Dealing with the first case is quite simple, and binmap support it. The second scenario requires runtime analysis and is not supported by binmap. The 3rd scenario could be achieved statically, but it is much more complex and not supported yet. This is one of the reasons why we open source binmap.

What do we expect with opensourcing binmap?

We made a lot of efforts to provide a well-engineered software. We have tested it on real systems but certainly not exhaustively enough. Now, it is time for binmap to reach its full potential. There are many side projects relying on it, and we expect the community to help us to achieve these goals.

System map warehouse

binmap builds a database of hashes and informations for systems. One of our goal is to provide a kind of warehouse with the database for several systems, and update the databases to track the systems as they evolve.

This is very useful when one wants to diff not only a binary but systems as a whole, to see what binaries have changed, which are new or removed.

We intend to provide a warehouse for databases, either created by us or sent by contributors. The files produced by binmap could be piped to gpg to ensure some kind of authentication and integrity of the various databases.

This needs to be automatized, so we need to setup a backend which will download and install an OS, run binmap to create the database, and update it when needed. Certainly, some tools from the devops community could help there.

Having a website accessible with hashes and some more information about clean files is something security community needs. We see it with IRMA, our asynchronous and customizable analysis platform for suspicious files, in order to quickly sort good and bad files.

Supporting static libraries

As explained, that is the biggest challenge. We did not want to go into that before having a proper piece of code. We believe that is ok for now, but this feature will require big brains and manpower, like for instance Silvio Cesare's work on binary similarities.

People working on malware have also the same issue: recognizing small piece of code (from the malware) into other binaries. The problem is the same and known to be hard. By open sourcing binmap, we hope people working on binary similarities will use it to do their research and tests.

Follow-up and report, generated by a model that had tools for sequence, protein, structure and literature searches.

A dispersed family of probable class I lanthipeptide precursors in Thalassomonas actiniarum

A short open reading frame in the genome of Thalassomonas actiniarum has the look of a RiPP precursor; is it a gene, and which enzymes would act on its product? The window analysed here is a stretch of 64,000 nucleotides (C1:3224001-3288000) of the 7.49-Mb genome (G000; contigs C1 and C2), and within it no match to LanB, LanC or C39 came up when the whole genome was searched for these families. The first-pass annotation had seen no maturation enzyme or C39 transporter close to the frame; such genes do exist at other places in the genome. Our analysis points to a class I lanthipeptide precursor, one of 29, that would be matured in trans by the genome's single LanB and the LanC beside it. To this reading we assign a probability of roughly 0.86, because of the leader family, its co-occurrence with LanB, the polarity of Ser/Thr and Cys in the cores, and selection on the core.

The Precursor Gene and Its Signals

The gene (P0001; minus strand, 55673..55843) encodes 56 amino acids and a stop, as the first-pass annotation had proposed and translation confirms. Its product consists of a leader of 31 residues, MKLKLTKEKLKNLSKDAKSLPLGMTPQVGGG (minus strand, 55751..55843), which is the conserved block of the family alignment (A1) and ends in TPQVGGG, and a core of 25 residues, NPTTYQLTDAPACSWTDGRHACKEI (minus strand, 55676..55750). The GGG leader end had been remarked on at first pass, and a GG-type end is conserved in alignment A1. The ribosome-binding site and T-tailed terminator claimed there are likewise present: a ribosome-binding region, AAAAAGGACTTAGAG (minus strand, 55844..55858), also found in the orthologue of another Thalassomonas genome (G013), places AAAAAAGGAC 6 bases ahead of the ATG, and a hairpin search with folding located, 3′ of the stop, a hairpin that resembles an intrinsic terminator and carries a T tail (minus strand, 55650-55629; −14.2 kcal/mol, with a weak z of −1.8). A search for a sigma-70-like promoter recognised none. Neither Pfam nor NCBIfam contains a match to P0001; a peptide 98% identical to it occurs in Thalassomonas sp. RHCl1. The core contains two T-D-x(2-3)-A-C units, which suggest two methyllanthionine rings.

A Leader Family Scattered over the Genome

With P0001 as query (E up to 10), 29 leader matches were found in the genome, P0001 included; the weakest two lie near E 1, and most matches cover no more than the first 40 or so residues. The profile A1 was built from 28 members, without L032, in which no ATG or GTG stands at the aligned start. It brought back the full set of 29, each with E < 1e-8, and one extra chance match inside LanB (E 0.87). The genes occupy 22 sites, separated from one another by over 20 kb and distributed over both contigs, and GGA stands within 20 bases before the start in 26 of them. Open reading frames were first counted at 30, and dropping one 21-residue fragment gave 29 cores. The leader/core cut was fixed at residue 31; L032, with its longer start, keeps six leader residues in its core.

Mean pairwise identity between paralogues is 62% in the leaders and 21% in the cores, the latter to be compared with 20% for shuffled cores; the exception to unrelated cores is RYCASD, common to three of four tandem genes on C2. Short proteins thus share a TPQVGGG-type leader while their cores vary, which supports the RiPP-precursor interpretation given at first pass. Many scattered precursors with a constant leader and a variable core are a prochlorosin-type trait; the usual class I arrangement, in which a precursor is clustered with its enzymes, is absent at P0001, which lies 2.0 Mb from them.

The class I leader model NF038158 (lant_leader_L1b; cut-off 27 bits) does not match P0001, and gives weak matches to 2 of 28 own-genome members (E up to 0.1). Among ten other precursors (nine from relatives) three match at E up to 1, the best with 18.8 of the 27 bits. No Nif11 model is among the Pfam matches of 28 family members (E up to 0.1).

Searching the information

Never ask a security guy to design a user interface. Security researchers tend to like it the hard way, but at some point, being smart is the right choice.

Gathering information is not the most difficult here. Presenting it, being able to retrieve the right information is. We have started to develop a web interface for binmap: it loads a database and can be used to explore the graph of relations or search for some functions. We also have an API to use the database and automatize some actions. We hope that people interested in UX will also join to improve it.

Some eye candy with the first draft of our prototype UI :-)

Risk map

When analyzing a system, it is really useful to know where previous bugs are located . By mixing the information about the binaries and libraries used by a reported vulnerability (e.g. CVE), one can draw a risk map , see what components are more prone to attacks and take action to buid a proper defense.

We have started to combine the information gathered by binmap with external sources. We focus on 2 kind of information:

  1. The version of the files: we attempt to extract the version of a file either from the file itself or from its name. Then, we try to compare it with the latest known version from the official website. That way, we can quickly see how up-to-date is a system.
  2. Many vulnerabilities are reported but not all of them are given a CVE. We can still map the name of a file with the known CVEs, for instance using the great CIRCL CVE Search